Kittens Teeth Changes And Care
Vet reviewed by:Dr. Linda Simon
by Dr. Linda Simon
Dr. Linda Simon is a veterinary surgeon working with seven years of experience. She is a fellow of the British Veterinary Association and specializing in animal medicine. Also, she has been the Woman magazine resident vet for the past two years and writes a regular column for them, focusing on pets and their health.View all 14 articles Learn about our veterinary review board
Updated on: 26/05/2020
Your kitten can develop dental issues if you do not begin early to take proper care of its dental health. Right from the tender age, you need to monitor, supervise and cater to your kitten’s teeth. You need to know about teeth changes and teeth care for your kittens.
In providing answers to some of these frequently asked questions, we hope you will learn a lot about your kitten’s dental health. This knowledge will spare you a lot of troubles and keep your pets healthy and happy.
How many types of teeth do kittens have?
Normally, kittens have two sets of teeth in their lifetime – the deciduous teeth and the permanent teeth. Just like in humans, there are the temporary teeth also called milk teeth, baby teeth or deciduous teeth. Usually, the baby teeth are 26 in number. They consist of incisors, canines, and premolars.
Kittens mature into cats to have permanent teeth also known as adult teeth. These are normally 30 in number. As well as incisors, canines and premolars these include molar teeth.
When do kittens begin to have their teeth?
Temporary teeth begin to erupt at an early stage. Between 2-4 weeks of age, the deciduous incisors begin to erupt as the first set of temporary teeth. Canines erupt slightly later at around 3-4 weeks. By the time the kitten is 5-6 weeks old, the premolars complete the temporary milk teeth eruption stage.
Permanent teeth of the cat will begin to replace the temporary kitten teeth as from 4 (-7) until 7 months of the kitten’s life. By the time your kitten completes its first year, it ought to have the complete set of 30 adult cat teeth.
When Do Kittens Lose Their Teeth?
Kittens lose their milk teeth just as human babies and most other domestic animals do. The milk teeth begin to fall off (out) in time for the adult teeth to replace them. The baby tooth to be replaced by the permanent one falls out when the adult teeth begin to develop and journey through the teeth bones. It pushes to the surface and gradually erupts to displace the temporary tooth.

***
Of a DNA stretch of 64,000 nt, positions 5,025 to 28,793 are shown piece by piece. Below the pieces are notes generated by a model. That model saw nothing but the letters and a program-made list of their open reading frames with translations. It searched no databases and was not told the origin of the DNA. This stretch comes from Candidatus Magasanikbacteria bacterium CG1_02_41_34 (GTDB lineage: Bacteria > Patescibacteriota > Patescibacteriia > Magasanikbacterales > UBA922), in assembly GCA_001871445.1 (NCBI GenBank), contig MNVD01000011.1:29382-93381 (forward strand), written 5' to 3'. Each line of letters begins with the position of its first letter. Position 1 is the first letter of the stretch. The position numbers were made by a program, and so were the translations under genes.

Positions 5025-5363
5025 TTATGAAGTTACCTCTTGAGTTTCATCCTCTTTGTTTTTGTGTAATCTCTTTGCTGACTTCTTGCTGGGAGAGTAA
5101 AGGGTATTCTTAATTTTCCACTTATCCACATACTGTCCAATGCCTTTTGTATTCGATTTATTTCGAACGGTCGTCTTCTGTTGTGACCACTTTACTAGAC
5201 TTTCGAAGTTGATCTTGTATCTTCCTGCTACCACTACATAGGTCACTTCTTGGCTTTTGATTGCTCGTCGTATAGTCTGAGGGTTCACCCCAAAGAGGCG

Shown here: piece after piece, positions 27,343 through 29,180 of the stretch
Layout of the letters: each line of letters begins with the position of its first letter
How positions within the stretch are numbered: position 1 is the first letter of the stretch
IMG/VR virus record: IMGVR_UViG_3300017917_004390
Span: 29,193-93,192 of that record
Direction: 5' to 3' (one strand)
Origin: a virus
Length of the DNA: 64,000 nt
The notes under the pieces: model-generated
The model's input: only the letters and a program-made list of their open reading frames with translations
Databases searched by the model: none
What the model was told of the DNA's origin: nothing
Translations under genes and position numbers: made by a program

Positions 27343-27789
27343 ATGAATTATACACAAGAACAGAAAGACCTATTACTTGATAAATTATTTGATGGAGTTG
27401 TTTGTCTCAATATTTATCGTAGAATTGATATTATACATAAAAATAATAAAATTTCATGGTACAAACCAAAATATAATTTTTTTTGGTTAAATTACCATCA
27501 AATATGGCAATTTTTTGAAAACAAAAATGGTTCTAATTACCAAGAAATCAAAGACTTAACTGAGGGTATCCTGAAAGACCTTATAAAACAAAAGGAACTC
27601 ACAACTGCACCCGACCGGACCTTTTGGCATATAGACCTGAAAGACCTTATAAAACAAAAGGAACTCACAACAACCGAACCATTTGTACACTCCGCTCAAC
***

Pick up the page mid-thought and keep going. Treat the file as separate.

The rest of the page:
What age do kittens’ teeth fall out?
Generally, kittens lose their milk teeth around the age of (4-7) 6-7 months. However, there can be an exception to this. So if you find your kitten still (factually correct if we remove the word ‘still’) losing its teeth at 12 weeks, it is not abnormal. Usually, by the time the kitten is 6 (7) months old, it’s baby teeth ought to have been replaced by the permanent teeth.
Do kittens swallow their baby teeth?
Kittens may spit out the deciduous teeth when it comes undone (they fall out). Sometimes, you find them lying around in the house. However, in some cases, kittens can swallow their milk teeth. This may occur if the tooth fell off (out) while the cat is eating.
Do not be alarmed. The tooth will not harm them. Rather, it will harmlessly pass through the digestive tract and pass out with the faces.
Do kittens bleed when they lose teeth?
It is normal for your kitten to bleed mildly (from their gums) when it is losing its teeth. This will also stop after a while, on its own. But if the bleeding is much and doesn’t stop, consult the vet. This is not a common occurrence but could potentially in those with serious clotting disorders, which are very rare in kittens.
What if a kitten could (does) not lose its deciduous teeth?
This is a common occurrence with kittens. At times, the deciduous tooth will get stuck in place when it is supposed to fall out. The canine teeth are most commonly affected. Meanwhile, the corresponding adult tooth is also pushing out from the same socket. This results in having two teeth in a socket meant for one.
This will cause malposition of the new tooth and crowding which may cause the kitten to experience abnormal bite. In addition, retained teeth or persistent teeth may lead to more food particles getting trapped in-between these teeth. This may, in turn, increase the chances of the kitten developing tooth decay, tartar, periodontitis, gingivitis and sometimes, premature loss of teeth. Moreover, the kitten may not experience normal growth and development of its jawbones due to the dental interlock from the retained tooth (, although this is far less common).
Immediately book an appointment with a veterinary doctor once you notice that two teeth are crowding in one socket after the teething period has finished at 7 months of age. The stubborn tooth will be extracted quickly.
Early extraction will save you and the kitten a lot of trauma. It will help ensure that the adult teeth align properly in the socket and on time. That way, you can guard against further malocclusion issues. Many vets will do this at the same time as neutering surgery.
Failure to extract the offending milk teeth on time may lead to complications. It will prevent the adult teeth from shifting into its right position. This may result in extracting more than one tooth when the extraction is done later.
How do I know if my kitten is teething?
Teething is usually accompanied by discomfort. So watch out for that. Other signs of teething include
- Excessive chewing. When your kitten begins to chew anything and everything – shoes, toys, furniture – then it could be a sign of teething.